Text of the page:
Uber's board made a somewhat surprising decision Sunday to appoint Expedia chief Dara Khosrowshahi to the open CEO role at the company, settling two months of unrest at the company and setting aside rumors that ousted CEO Travis Kalanick was going to retake the helm at the company. As the New York Times reports, Khosrowshahi became the frontrunner after former General Electric CEO took himself out of the running Sunday morning.*
BuzzFeed suggests that there was ample board support for hiring Meg Whitman, despite the fact that Whitman had denied she was in the running for the job last month though she was apparently the favored candidate by Benchmark Capital, the board seat holder who is currently suing Kalanick for fraud, and a few other things.
As the Times puts it, "How much of an impact Mr. Khosrowshahi can have on Uber is uncertain. The company still bears the imprint of Mr. Kalanick, who is on Uber’s board." Khosrowshahi also happens to be on the board of the New York Times Company, and he has served as Expedia CEO for 12 years.
Apparently Kalanick may have maintained some influence on the decision, with BuzzFeed reporting that "a person close to him [said] that Uber’s cofounder did not trust [Meg Whitman] and viewed her as being deceptive about her intentions."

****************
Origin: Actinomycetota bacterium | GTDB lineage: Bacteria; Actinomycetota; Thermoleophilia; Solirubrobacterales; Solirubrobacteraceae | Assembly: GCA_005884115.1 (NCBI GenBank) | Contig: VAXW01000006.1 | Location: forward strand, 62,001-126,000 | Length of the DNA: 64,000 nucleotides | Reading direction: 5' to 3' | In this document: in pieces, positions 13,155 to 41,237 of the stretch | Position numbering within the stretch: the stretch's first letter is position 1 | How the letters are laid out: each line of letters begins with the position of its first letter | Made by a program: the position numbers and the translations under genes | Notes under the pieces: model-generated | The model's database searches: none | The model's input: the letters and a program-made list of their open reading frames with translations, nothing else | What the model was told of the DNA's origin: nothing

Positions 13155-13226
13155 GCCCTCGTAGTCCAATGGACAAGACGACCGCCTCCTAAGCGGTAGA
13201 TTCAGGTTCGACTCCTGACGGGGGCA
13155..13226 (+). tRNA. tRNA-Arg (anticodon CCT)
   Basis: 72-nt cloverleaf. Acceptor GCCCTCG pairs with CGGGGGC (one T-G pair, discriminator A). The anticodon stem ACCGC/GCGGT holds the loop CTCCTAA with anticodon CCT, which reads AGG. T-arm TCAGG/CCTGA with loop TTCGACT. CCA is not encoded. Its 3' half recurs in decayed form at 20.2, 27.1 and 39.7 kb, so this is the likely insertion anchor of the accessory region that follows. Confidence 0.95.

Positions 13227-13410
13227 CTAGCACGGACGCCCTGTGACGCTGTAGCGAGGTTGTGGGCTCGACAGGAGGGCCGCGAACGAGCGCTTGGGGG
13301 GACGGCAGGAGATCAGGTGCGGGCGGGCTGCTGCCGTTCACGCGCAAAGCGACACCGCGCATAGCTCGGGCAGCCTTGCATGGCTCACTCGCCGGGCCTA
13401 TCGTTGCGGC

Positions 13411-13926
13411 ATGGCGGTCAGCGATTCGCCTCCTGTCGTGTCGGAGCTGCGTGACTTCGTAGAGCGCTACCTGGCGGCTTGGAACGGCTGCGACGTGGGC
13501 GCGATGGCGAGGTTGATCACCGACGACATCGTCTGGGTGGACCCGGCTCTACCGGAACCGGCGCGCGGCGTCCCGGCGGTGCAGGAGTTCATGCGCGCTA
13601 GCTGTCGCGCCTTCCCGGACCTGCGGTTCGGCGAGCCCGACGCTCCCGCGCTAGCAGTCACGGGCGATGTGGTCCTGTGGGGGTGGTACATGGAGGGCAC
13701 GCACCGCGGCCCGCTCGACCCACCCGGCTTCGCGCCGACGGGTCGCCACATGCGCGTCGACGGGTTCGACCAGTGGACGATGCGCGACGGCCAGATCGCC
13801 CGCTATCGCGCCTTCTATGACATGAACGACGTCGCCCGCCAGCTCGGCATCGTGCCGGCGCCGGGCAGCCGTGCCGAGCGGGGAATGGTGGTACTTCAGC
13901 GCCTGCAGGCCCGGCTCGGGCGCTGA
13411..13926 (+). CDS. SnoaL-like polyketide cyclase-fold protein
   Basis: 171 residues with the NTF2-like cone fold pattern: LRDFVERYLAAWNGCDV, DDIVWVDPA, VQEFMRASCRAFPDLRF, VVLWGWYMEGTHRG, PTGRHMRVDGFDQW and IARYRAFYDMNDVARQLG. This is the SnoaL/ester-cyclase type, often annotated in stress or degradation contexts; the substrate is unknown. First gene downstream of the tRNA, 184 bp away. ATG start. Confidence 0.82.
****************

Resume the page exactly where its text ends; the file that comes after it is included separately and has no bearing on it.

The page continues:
As the Washington Post notes of Khosrowshahi, who is Iranian-American, he is "well liked and respected" within Silicon Valley after presiding over "a huge expansion of [Expedia] to over 60 countries," and he's "also a vocal critic of President Trump, particularly his travel ban against Muslim Americans."
Also, per the Post:
People who know him said Khosrowshahi brings two assets to Uber. For one, he is considered even-keeled and low-key -- a sharp contrast to Uber's former chief executive and co-founder Travis Kalanick, who has been known to fly into fits of anger...
Khosrowshahi’s other asset is his skill as a dealmaker in the highly competitive market for online travel.
It remains to be seen how Kalanick may continue to exert influence in his role as board member of Uber, and the Benchmark lawsuit is challenging a shareholder vote last year that gave Kalanick control over two additional, currently unfilled board seats.
* Correction: An earlier version of this story listed Immelt as General Motors CEO, when in fact he was the CEO of General Electric.